Sons of Sceva overwhelmed by a possessed man, or has this ever happened to you?

How to deal with being overwhelmed

Let me tell you what my next four weeks will look like. I’m getting ready for my book signing event on Saturday. And I’m doing taxes for everyone in my family because I was a bookkeeper and volunteer tax preparer in a past life. And I’m judging a book contest. And I have a busy schedule with multiple deadlines at work. And I have dental and doctor appointments. And I have all the odds and ends and errands and assorted things to do. But I’m not complaining. Really, I’m not. Because I’ve learned how to deal with multiple competing pressures that can overwhelm a person.

One of the most practical classes I took as a teenager was a College Success course before I went to UCLA. It taught me skills in time management and planning that I’ve used ever since. I passed along some of these skills to intermediate school students in 2006.

Here are some tips that can help you when you feel overwhelmed.

Make checklists

One of the most important apps I use is Microsoft OneNote. There I keep all of my checklists and notes. When I feel overwhelmed, I create a checklist of all the tasks I need to do and break them down into sub-steps. Then, I check them off as I go along or add notes if there is information I need. If I have to wait to complete tasks, I can take care of some other tasks in the meantime.

Creating a checklist makes a large amount of work seem less daunting. It removes the anxiety that I might be missing some steps. I also get satisfaction as I check off completed tasks.

What I like about OneNote is that it works with all my devices, including my Windows system at work. I don’t worry about losing paper lists or having a list on my phone that isn’t on my computer. I can update my checklists wherever I am.

Block out time

My computer and bedroom in Reseda, 1985

One thing I depended on in college was my weekly schedule. You’ll see it attached to the adhesive corkboard on the left, just behind my joystick. There, I blocked out all the things I needed to do for the week. It had my class and work schedules. I allocated time for studying, housework, and taking care of my mom because of her stroke. It also included time for relaxation and—most importantly—sleep.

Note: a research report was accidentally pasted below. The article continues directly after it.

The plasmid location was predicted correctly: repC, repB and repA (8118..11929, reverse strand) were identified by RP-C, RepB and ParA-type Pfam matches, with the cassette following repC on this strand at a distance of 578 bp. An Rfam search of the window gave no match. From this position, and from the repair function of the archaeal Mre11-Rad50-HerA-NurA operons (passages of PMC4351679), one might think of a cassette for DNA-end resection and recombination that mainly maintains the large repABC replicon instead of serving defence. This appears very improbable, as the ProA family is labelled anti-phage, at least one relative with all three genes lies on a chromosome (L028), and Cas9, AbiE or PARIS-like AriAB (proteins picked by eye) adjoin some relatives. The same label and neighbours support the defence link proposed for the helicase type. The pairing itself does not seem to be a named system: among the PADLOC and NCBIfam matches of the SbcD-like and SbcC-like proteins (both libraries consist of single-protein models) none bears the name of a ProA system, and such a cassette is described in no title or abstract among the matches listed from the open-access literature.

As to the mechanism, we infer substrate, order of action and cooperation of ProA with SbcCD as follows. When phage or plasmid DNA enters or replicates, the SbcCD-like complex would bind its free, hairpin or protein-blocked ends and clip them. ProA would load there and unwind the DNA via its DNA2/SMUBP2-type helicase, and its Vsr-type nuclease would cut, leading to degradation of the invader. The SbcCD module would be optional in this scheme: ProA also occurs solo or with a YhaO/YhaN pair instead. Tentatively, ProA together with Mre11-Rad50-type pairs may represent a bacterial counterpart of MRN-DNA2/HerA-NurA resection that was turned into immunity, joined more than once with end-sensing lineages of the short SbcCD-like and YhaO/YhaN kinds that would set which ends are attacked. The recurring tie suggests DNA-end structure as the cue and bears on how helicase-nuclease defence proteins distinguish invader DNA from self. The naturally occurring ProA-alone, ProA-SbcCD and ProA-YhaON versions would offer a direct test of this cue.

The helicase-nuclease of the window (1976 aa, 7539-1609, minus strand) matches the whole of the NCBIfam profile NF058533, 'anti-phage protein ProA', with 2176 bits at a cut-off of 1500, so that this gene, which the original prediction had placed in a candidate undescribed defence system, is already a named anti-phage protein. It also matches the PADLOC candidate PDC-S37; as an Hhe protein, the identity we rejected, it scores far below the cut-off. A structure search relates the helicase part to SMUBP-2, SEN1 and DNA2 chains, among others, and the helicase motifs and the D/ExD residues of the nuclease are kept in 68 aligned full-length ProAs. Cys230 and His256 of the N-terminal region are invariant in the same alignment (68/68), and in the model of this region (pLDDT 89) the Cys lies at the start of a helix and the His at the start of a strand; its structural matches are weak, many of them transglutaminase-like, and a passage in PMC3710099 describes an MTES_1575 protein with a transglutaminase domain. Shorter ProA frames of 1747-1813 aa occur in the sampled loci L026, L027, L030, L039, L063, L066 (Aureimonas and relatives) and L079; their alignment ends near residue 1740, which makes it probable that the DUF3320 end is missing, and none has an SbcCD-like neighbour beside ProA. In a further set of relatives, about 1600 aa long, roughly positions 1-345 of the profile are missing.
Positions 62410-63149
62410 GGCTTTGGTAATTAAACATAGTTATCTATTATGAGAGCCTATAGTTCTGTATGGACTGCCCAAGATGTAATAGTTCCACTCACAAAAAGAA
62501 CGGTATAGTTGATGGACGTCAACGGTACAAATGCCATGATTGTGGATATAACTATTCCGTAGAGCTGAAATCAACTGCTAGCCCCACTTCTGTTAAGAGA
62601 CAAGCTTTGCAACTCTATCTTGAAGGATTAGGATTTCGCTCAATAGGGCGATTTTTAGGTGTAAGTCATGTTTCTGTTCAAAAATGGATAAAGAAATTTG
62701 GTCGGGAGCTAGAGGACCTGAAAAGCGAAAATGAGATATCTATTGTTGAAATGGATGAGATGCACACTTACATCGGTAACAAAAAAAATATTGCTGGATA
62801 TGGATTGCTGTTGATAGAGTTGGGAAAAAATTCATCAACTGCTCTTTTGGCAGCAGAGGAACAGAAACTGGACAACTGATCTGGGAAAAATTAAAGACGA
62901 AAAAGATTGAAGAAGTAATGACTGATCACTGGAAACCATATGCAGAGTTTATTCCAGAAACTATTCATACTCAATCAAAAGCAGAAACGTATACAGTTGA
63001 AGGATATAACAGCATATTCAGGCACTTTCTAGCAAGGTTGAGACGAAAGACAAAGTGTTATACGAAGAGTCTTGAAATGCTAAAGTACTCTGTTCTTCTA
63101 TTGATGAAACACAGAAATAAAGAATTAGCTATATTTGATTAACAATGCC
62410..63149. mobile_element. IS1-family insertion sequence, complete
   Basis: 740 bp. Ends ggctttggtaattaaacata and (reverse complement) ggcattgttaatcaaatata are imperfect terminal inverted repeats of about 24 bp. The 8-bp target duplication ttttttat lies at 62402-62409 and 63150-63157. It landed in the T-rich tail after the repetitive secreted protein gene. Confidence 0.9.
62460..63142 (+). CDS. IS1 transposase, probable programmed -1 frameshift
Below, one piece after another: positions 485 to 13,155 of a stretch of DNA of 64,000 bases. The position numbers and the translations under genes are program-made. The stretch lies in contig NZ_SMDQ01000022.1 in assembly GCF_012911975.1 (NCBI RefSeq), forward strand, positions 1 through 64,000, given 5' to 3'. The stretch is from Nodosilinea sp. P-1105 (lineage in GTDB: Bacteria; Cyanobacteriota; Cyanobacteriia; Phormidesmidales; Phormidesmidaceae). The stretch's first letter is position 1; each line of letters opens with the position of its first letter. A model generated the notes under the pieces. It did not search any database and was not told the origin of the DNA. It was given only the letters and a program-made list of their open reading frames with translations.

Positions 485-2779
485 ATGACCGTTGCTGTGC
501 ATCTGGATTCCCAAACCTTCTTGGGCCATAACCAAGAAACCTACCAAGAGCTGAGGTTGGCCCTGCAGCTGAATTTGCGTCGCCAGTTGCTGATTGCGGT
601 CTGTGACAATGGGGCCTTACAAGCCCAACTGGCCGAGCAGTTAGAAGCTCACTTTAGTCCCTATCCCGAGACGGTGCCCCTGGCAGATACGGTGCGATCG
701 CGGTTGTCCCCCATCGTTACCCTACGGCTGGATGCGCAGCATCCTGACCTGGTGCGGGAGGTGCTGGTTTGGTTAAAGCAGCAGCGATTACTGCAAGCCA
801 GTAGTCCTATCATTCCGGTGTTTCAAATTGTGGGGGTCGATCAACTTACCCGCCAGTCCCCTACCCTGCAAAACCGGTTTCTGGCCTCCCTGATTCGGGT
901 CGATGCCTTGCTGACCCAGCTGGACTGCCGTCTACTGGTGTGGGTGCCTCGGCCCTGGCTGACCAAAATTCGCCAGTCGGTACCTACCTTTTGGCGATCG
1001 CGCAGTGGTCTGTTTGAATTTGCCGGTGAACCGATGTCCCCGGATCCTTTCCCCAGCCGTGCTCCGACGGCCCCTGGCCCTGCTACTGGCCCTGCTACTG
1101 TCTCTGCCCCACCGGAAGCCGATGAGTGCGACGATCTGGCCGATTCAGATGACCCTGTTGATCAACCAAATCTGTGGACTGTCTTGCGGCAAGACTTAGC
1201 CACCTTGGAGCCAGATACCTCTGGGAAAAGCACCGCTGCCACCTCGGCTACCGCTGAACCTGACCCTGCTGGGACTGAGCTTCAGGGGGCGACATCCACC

With a schedule, you can make sure you have enough time to accomplish the tasks you need to do. It also enables you to defend your time. Others will pile on demands or interrupt you to take on their tasks. You can respond by saying, “I’m sorry, but I have this hour set aside to work on this project. I can get back to you when I’m free at 2:00.”

Delegate and defer

We’re given tasks because we’re the only one who can do them, and we benefit from doing the work. But other tasks can be delegated or deferred. No time to cook? Get healthy take out or prepackaged meals. Hire a gardener or a pool maintenance person for the month you’ll be busy. Put off that big shopping trip or reorganizing your cabinets. See what items can be done later or done by someone else. This frees you to focus on your most important tasks.

Take care of yourself

One thing you should not put off is self-care. When we are overwhelmed with tasks, we stop exercising, gobble down junk food, and cut down on sleep. Don’t do that. You need energy to carry out the tasks you need to do. If you sacrifice your health, you also cut down on your effectiveness. Try doing a complex task like completing a tax return on five hours of sleep and three energy drinks. You can’t, or at least you can’t do it well.

Self-care has become more important the older I get. When I was in my twenties, I scheduled sleep and downtime last. Today in my sixties, I schedule them first. I want to make sure I have sufficient rest so I have all the energy to carry out my tasks. I also know the consequences when you cut corners on your health. Eighty-hour work weeks grind away at body and mind. I look at the example of my mom who sacrificed her own well-being to meet the demands of home and work to the point she couldn’t do anything at all.

Planning and perspective

When you find yourself overwhelmed, planning and perspective are the keys. Create checklists that break down your work into tasks. Block out time to perform your work and minimize interruptions. Find tasks you can delegate and defer. And most importantly, take care of yourself and don’t cut down on exercise, healthy eating, and sleep.

You’ve been given work because you’re valued, and others have confidence that you can do the job. With organization and planning, you can fulfill your commitments and do them well. But as you do them, protect your schedule and your health. If you don’t take care of yourself, you won’t be able to help anyone else.